Thousands of Calgarians, including Conservative MP Michelle Rempel Garner, are calling for the city to reverse a decision to cancel its annual Canada Day fireworks display. 

Last week, the City of Calgary announced it would cancel its Canada Day show and replace it with a light show due to climate and cultural impacts.

A petition launched by Common Sense Calgary over the weekend calling for the fireworks to be reinstated has already garnered over 6,000 signatures. 

“I can’t quite believe I have to say this, but, it’s not racist to want to celebrate Canada Day with fireworks – or to celebrate Canada Day at all,” the petition reads. 

“If you agree, and you haven’t had a chance to sign the petition yet, please show Council just how unpopular this insane idea is by doing so now.”

The cancellation is a pilot to address cultural, community, and environmental issues experienced with traditional Canada Day fireworks, said Franca Gualtieri, city manager of arts and culture.

The City says there are cultural sensitivities around fireworks displays in relation to Truth and Reconciliation and with July 1 marking the 100th anniversary of the Chinese Immigration Act. It also says the changes will mitigate disruptive traffic, noise, overcrowding at city viewpoints, and be friendlier for wildlife.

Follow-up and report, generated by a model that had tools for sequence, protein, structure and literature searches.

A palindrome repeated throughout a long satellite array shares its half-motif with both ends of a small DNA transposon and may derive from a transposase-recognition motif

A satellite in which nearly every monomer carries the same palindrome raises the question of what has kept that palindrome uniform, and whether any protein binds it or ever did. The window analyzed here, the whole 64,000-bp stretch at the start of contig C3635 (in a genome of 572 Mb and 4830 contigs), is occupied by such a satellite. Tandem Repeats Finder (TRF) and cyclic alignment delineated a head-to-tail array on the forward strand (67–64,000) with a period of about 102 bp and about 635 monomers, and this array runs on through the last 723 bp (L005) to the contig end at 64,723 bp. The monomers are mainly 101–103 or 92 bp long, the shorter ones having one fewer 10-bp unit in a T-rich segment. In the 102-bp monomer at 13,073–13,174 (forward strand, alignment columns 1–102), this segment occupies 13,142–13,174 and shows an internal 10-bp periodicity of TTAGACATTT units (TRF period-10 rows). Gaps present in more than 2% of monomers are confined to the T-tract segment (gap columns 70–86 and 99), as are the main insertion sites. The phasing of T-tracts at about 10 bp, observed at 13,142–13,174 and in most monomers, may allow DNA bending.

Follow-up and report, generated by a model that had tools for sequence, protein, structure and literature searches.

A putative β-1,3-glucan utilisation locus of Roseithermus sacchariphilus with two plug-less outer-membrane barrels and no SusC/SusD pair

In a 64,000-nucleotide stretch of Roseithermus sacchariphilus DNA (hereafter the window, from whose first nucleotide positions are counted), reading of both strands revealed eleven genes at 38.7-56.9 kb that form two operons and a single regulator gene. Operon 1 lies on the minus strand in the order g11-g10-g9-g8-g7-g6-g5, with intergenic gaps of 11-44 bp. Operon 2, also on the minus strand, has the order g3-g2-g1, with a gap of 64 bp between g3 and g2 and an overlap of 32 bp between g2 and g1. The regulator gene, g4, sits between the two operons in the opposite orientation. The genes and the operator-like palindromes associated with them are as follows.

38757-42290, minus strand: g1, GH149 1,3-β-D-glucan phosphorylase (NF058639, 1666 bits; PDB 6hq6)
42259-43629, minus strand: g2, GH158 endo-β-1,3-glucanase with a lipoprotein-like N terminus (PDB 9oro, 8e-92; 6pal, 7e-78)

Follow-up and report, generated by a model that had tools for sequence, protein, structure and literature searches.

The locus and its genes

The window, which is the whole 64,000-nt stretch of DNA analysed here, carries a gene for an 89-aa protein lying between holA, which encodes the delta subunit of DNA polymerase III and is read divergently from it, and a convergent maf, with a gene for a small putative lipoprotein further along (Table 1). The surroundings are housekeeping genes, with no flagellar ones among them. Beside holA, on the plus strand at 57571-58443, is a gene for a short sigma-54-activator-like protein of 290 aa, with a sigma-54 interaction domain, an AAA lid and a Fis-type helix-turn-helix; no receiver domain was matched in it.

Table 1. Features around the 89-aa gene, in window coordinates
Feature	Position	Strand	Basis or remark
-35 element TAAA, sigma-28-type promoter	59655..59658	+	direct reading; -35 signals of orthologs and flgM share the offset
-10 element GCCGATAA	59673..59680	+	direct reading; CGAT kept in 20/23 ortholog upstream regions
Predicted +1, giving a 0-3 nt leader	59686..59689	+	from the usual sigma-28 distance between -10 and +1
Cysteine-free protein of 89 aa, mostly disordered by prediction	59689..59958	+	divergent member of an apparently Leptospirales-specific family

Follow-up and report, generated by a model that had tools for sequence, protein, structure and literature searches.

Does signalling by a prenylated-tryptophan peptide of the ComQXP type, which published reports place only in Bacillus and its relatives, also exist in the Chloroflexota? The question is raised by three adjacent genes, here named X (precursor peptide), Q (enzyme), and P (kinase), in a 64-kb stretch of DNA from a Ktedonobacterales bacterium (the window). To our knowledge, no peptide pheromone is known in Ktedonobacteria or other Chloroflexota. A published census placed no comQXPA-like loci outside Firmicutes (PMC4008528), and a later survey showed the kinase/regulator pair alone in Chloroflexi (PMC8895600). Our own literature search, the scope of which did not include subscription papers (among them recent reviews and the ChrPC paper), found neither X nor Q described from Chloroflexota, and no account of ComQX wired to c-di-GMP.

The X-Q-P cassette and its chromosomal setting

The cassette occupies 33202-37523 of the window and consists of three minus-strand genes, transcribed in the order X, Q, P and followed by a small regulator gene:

It claims the replacement light show will be a “visually stunning display of lights and sounds that will be launched from the main stage at Fort Calgary during the headliner act.”

Rempel Garner, the MP for Calgary Nose Hill, implored city councillors to reverse the decision, saying “it brings no good to our city.” She said Calgarians can still celebrate Canada while  acknowledging and addressing “reconciliation and the longstanding impacts of colonialism and racism.”

“When our leaders make this choice a binary one, that as a people we can only do one at the expense of the other, we further divide our country instead of solving its problems. Suggesting that Canada Day shouldn’t be a day for any celebration does just that, and I won’t allow my community to be pushed into that corner,” she said in a statement. 

“Instead, we should celebrate the good that unites us, while taking real action to bring forth equality of opportunity and reconciliation.”


  • Rachel Emmanuel

    Rachel is a seasoned political reporter who’s covered government institutions from a variety of levels. A Carleton University journalism graduate, she was a multimedia reporter for three local Niagara newspapers. Her work has been published in the Toronto Star. Rachel was the inaugural recipient of the Political Matters internship, placing her at The Globe and Mail’s parliamentary bureau. She spent three years covering the federal government for iPolitics. Rachel is the Alberta correspondent for True North based in Edmonton.